Sharon Heal

Remembrance of things past

Sharon Heal, 23.04.2014
We shouldn't have a rose-tinted view of the past
The definition of nostalgia is the wistful desire to return to a time in the past – a bittersweet longing for things or people. This feeling must play some part in creating the connections between things and people that happens in museums.

Earlier this week I had a big dose of nostalgia when I travelled to Bradford, a city that I lived in for a few years in the late 1980s. It holds a warm place in my memory of late night curries, dodgy clubs and early morning demonstrations – it was the 80s after all.

Despite the fact that I lived in the Manningham area of the city, just down the road from Cartwright Hall, I can't remember ever visiting the gallery. And I think I only went to what was then the National Museum of Film Photography and Television once, to see a film rather than an exhibition.

This latest trip was to meet with the Museums Association's online publications editor Rebecca Atkinson who has recently relocated to West Yorkshire and now heads up our “northern office”.

Feeling nostalgic for a particular time in my life and in the life of the city it was fitting to pay a visit to Only in England, an exhibition of photographs by Tony Ray-Jones and Martin Parr at the renamed National Media Museum.

Ray-Jones' images document ordinary people in the 60s and 70s. They appear to be as skillfully composed as a 19th-century oil painting but they are in essence artful snapshots that capture what now looks like a different world.

The seaside photographs of commonplace towns like Margate, Ramsgate, Llandudno, are particularly resonant. A beach holiday is a quintessentially British pursuit, a universal experience that can easily be identified with. The images are both evocative and intriguing.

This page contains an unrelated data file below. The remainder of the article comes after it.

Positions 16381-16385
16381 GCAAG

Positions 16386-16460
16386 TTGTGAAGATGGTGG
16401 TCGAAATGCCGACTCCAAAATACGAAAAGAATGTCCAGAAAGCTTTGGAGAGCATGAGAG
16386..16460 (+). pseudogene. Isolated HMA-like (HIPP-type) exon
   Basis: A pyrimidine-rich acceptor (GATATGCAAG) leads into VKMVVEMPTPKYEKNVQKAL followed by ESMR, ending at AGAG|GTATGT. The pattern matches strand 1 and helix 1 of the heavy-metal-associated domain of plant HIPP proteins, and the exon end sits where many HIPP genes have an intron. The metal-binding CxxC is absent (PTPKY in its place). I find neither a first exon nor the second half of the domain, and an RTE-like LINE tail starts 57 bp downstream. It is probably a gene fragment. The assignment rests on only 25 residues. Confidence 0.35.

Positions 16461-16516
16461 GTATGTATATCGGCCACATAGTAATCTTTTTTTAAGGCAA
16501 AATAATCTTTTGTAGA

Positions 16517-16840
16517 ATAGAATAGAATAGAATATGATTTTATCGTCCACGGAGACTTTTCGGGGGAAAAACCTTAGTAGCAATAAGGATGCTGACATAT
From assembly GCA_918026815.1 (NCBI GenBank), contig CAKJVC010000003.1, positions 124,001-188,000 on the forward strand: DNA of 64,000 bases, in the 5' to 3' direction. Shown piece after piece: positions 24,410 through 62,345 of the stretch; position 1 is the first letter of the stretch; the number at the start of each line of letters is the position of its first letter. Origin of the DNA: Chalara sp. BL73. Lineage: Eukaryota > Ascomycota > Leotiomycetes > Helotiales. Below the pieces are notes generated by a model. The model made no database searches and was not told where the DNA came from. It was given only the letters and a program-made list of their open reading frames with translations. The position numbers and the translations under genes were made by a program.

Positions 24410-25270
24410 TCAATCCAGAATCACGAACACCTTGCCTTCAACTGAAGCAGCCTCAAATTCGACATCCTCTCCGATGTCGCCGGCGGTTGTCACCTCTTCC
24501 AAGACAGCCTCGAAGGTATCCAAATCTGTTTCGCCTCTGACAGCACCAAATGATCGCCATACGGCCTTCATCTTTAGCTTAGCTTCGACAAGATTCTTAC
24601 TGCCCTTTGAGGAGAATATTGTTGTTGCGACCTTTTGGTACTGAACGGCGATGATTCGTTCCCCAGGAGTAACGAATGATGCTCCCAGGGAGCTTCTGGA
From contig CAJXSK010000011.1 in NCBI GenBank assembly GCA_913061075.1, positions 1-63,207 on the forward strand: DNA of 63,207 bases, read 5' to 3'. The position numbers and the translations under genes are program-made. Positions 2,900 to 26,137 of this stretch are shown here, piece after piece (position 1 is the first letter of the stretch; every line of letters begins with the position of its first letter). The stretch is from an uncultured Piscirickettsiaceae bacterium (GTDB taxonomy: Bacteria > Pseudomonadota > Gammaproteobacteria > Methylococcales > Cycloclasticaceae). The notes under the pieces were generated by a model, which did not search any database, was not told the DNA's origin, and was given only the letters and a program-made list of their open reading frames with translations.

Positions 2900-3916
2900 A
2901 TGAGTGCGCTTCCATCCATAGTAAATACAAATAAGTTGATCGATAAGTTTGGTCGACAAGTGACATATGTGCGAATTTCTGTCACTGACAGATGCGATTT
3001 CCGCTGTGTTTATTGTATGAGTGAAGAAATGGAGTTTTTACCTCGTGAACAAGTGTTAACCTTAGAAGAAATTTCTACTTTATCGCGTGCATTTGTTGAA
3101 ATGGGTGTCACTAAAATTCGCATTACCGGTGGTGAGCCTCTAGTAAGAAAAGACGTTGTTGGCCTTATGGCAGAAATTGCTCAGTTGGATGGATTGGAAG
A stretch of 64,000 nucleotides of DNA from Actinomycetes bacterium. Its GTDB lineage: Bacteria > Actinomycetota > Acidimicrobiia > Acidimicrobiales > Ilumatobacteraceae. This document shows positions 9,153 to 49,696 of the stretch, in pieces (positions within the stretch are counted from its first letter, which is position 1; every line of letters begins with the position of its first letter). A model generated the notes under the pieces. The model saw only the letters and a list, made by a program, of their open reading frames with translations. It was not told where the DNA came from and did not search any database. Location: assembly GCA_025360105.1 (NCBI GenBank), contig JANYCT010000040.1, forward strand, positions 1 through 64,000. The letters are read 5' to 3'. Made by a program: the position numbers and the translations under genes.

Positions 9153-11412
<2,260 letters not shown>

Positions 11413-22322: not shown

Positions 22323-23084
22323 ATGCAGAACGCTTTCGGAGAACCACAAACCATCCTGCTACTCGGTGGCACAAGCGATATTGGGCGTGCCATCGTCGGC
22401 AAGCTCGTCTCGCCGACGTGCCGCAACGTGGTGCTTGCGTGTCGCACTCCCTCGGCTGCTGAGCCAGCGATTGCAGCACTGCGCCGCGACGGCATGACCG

The photographer Martin Parr was invited to look through Ray-Jones' contact sheets held in the archive of the museum. His selection of images is shown alongside Parr's own work, revealing the connections between the two.

Parr's series of photographs taken in and around the West Yorkshire town of Hebden Bridge also documents a distant way of life. The Non Conformists records the decline of the Methodist chapels and congregations in the area.

Shows like this can create connections, between two photographers, between moments in time and between generations, but we shouldn't have a rose-tinted view of the past. As Parr puts it: “We must not become hostages to nostalgia.”

The other exhibition at the museum, Open for Business, was a subtle reminder of this. The concept doesn’t sound promising; nine international photographers commissioned to document contemporary manufacturing.

But some of the images are stunning and it challenges the idea that Britain only made things in the past.

When I visited the media museum it was heaving with local people and families who seemed to connect with the distant yet familiar images of Parr and Ray-Jones.

I was reminded that it was only a year ago that there was talk of this museum closing. What a tragedy that would have been.

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